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The Journal of Dance Education

Published Online: Oct 19, 2020

"Choreography Invisible:

The Disappearing Work of Dance"

By: Anna Pakes

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What is a dance work? Are there essential facts or conditions connected with or relevant to such an art that defines it? Has the history of dance changed the construct of what it is? Unlike the tangibility of a sculptural or a poetic work, can dance actually be constituted as a work; therefore, without being an actual article or substance, is it simply an arranged action?

While the extent of investigation in dance philosophy is less than other art forms, Choreography Invisible: The Disappearing Work of Dance by Anna Pakes presents a compelling read for those interested in (a) critical reflection and (b) more than casual concerns regarding what constitutes a dance work. Ballet and contemporary/modern scholars alike who read this collection of philosophical examinations will be richly rewarded.

Pakes begins Part 1 of the book by exploring the nature of dance works based on long-term historical perspectives and a range of movement genres. She focuses on Western dance from its development in Europe during the Renaissance to the rise and growth of ballet, and she extends through to twenty-first-century postmodern dance; she assesses the changing (a) theoretical applications and (b) ways in which dance was created, observed, and analyzed.

Parts 2 to 5 focus on identified principles and their relations that all dance works seem to have. This includes creation, repeatability, persistence, loss, and recuperation. Questions that were investigated center on such focal elements as what identifies choreography; how is it reconstructed and performed in order to be considered a work; and is identity implied if a dance is notated, scored, filmed, or copyrighted? Part 2 centers on choreography and the choreographic process; the author explores dance works as abstract objects and as fictional rather than real.

Parts 3 and 4 challenge ideas of repeatability, identity, and persistence of dance works in terms of (a) directorial adaptation of dance reconstructions, (b) the qualitative interpretation of these works by the performer, and (c) the ways in which all dance works appear somewhat different—performance after performance—while remaining the same in certain aspects.

Pakes explores the very nature of a dance work and its authenticity while investigating the specifications of original choreography. In her examination, she determines that (a) a reconstructed work may likely be altered by interpretation and (b) when repertory dance works pass through multiple performances by various cast members, the question of persistency emerges. She asks an interesting question: When choreography is altered from its original state in order for it to be relevant for the time, does it retain its identity even though its original state may change?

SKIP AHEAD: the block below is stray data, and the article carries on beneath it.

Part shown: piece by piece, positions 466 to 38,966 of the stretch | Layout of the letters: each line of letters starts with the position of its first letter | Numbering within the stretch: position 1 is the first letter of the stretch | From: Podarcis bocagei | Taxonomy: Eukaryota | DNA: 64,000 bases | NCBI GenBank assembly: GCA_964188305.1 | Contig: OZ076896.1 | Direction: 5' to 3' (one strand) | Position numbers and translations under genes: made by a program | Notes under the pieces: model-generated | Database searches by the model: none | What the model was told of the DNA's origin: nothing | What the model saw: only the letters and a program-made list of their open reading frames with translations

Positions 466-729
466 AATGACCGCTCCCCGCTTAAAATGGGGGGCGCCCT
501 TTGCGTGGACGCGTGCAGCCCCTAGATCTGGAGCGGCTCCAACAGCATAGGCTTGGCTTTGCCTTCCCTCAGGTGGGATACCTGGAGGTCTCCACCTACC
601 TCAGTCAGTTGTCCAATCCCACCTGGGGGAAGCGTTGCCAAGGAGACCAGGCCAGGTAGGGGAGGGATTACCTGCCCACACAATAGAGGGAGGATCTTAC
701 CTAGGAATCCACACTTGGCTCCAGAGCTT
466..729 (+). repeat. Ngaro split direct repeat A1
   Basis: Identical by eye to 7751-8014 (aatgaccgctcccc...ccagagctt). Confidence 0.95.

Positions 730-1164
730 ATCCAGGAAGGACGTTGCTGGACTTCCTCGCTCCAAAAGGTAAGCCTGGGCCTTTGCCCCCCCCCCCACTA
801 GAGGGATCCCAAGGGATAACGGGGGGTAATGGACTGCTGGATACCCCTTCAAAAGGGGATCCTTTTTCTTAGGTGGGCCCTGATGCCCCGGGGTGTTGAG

In Part 5, Pakes discusses the tendency for dance works to be performed and forgotten, and what it means when they are lost. Is it because the medium essentially leaves nothing behind, is it the subject matter, or is it the loss of the technique or movement quality that created the choreography? “Disintegration of the background practice is arguably more significant for work loss than absence from either a live repertoire or the documentary archive” (247). Part 5 explores different methods and conditions of dance reconstruction with the resolution to keep choreography visible.

The overall book evolves as a developing argument of what a dance work is, where each chapter builds upon another by reflecting on prior investigations. For example, Part 1 provides some historical context for individual works discussed in Parts 2 to 5. It is also formatted where individual parts or even chapters could be read individually. Drawing together all of the various examinations, Pakes concludes the book by pointing out both the limits of its achievements and directions for future research. Pakes emphasizes concepts relevant to a dance work, while offering new critical perspectives related to history, genres, and dance making. “An overarching aim of my book is to make dance works more visible—less prone to disappearance—in the context of art ontological debate” (20).

For those curious to explore what constitutes a dance work, and for those excited to find higher meaning in dance, Choreography Invisible: The Disappearing Work of Dance is indeed a must read.


- Cynthia DuFault, MFA

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